Jing Daily's China Luxury Brief

    Welcome to Jing Daily‘s China Luxury Brief: the day’s top news on the business of luxury and culture in China, all in one place.
    A rendering of the new Atlantis resort being planned for Sanya, Hainan. (Brennan Beer Gorman)

    Welcome to Jing Daily's China Luxury Brief: the day’s top news on the business of luxury and culture in China, all in one place. Look below for the top stories for October 10, 2013.#

    A rendering of the new Atlantis resort being planned for Sanya, Hainan. (Brennan Beer Gorman)


    Commentary: China's property market "isn't in a bubble."#

    "Even assuming there is some level of a housing bubble in China, it’s different from the housing bubble that plagued the U.S., in that residential mortgage debt remains relatively low. Chinese residential mortgage debt was 15% of GDP as of 2009, compared to 81% in the U.S., according to the Milken Institute." (MarketWatch)

    China's wealthy shift their focus from their core businesses to investment.#

    Hard assets are key with the country's shaky finance sector. (China Daily)

    Chinese collectors buy their past.#

    The market for Chinese art is "surging at full speed." (SCMP)

    — FILM —#

    UCLA Film & Television Archive celebrates Chinese filmmaking.#

    A 28-film series being shown in Los Angeles is part of an unprecedented collaboration between film companies in Taiwan, mainland China, and Hong Kong. At least there's something they can cooperate on. (LA Times)

    Chinese martial arts films "face threat from Hollywood," says Beijing Film Academy professor.#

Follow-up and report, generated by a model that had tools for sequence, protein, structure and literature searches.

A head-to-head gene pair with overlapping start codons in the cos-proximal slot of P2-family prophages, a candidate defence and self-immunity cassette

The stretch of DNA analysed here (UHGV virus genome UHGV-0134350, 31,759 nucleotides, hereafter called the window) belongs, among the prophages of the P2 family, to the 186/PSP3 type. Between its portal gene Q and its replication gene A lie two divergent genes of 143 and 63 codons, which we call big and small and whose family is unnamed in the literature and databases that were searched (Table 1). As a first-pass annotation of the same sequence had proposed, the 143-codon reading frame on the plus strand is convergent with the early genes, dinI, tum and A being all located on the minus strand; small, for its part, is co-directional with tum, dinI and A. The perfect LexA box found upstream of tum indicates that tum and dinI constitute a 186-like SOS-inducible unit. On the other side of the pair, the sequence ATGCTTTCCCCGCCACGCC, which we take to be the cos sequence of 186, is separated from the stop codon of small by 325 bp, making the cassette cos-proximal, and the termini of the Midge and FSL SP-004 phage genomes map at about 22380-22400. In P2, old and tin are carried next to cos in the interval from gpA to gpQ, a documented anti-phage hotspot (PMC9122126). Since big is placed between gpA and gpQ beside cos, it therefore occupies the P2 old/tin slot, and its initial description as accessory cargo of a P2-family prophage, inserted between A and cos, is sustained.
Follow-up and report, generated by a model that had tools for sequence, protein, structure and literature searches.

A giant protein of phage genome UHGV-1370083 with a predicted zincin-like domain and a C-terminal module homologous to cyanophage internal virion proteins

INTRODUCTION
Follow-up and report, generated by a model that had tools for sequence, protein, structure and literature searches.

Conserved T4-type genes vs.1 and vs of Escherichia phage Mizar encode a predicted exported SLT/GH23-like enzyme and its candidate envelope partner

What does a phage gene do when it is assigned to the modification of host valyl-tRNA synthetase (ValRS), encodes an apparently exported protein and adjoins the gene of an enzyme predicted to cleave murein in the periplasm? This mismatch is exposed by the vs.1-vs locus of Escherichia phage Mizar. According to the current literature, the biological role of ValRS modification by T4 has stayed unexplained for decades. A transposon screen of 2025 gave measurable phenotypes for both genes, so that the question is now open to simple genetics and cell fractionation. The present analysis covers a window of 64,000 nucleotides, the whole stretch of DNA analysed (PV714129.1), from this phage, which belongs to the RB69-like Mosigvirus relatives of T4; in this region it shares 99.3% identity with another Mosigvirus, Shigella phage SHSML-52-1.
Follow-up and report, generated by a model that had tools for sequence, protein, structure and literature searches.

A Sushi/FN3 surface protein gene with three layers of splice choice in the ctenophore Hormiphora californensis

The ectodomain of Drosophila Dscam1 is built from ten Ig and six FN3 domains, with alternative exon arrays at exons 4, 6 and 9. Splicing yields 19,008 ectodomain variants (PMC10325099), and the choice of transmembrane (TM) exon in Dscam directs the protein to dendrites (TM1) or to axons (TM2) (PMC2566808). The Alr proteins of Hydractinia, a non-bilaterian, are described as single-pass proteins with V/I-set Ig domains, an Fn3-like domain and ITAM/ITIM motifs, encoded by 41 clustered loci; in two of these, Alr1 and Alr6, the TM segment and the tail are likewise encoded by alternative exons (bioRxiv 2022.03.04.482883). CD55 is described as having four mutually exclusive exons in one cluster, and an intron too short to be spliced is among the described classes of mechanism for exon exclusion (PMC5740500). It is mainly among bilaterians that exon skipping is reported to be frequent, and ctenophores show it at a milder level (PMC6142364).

The academic is concerned that Chinese martial arts films are becoming too formulaic and unimaginative, which is basically what every intellectual says about mainstream movies everywhere. (Xinhua)

    — FASHION —#

    Hong Huang (Hung Huang) weighs in on the silver lining to China's slowdown.#

    "The current economic downturn, although hard to swallow after two decades of double digit growth, might be a good opportunity for international brands to re-assert their core value to the Chinese public." (Business of Fashion)

    Chinese men are driving growth in "murse" sales.#

    The man-purse is especially popular in China in large part due to its convenience in train commuting for young professionals. (Quartz)

    The Chinese trend of couples wearing matching outfits makes for some pretty entertaining pictures.#

    Will we start to see luxury brands cashing in on the trend? (WSJ)

    However, Gawker has some advice for these couples:#

    "Only the ignorant imperialists believe that they are equipped to judge unfamiliar foreign cultures. Still, we feel comfortable in saying: Chinese couples, do not wear matching outfits. There is no happy ending to this story." (Gawker)

    — LIFESTYLE —#

    Watch out Bahamas: Hainan is getting an Atlantis.#

    Hotel operator Kerzner International Holdings Ltd., which is known for its Atlantis resort, is teaming up with Fosun international to bring the spirit of the lost undersea city to the sunny Chinese island. (WSJ)

    China slowdown continues for Bentley.#

    It looks like the highest range of luxury vehicles isn't seeing the same recovery as those in a lower price range such as Audi and BMW. (Reuters)

    GM’s China September sales gain 14 percent on Wuling, Cadillac demand.#

    "Total sales in September climbed 14 percent to 277,647 units," showing more evidence that the mid-range is doing fine right now in the auto market. (Bloomberg)

    The top five Chinese liquor brands.#

    Maotai may be the liquor of the revolution, but the brand which dates back to the Ming Dynasty is pretty impressive. (The Drinks Business)

    Chinese company takes over Australian golf course.#

    Golden Horse will take over Hope Island Resort's Links golf course on Australia's Gold Coast, with Chinese tourists likely in mind. (Gold Coast)

    — TECH —#

    The new gold iPhone isn't gold enough for some Chinese buyers.#

    In Macau, an "18-karat, gold-plated iPhone 5S" is being offered for affluent customers who really want their phone to stand out from the crowd. (China Real Time)

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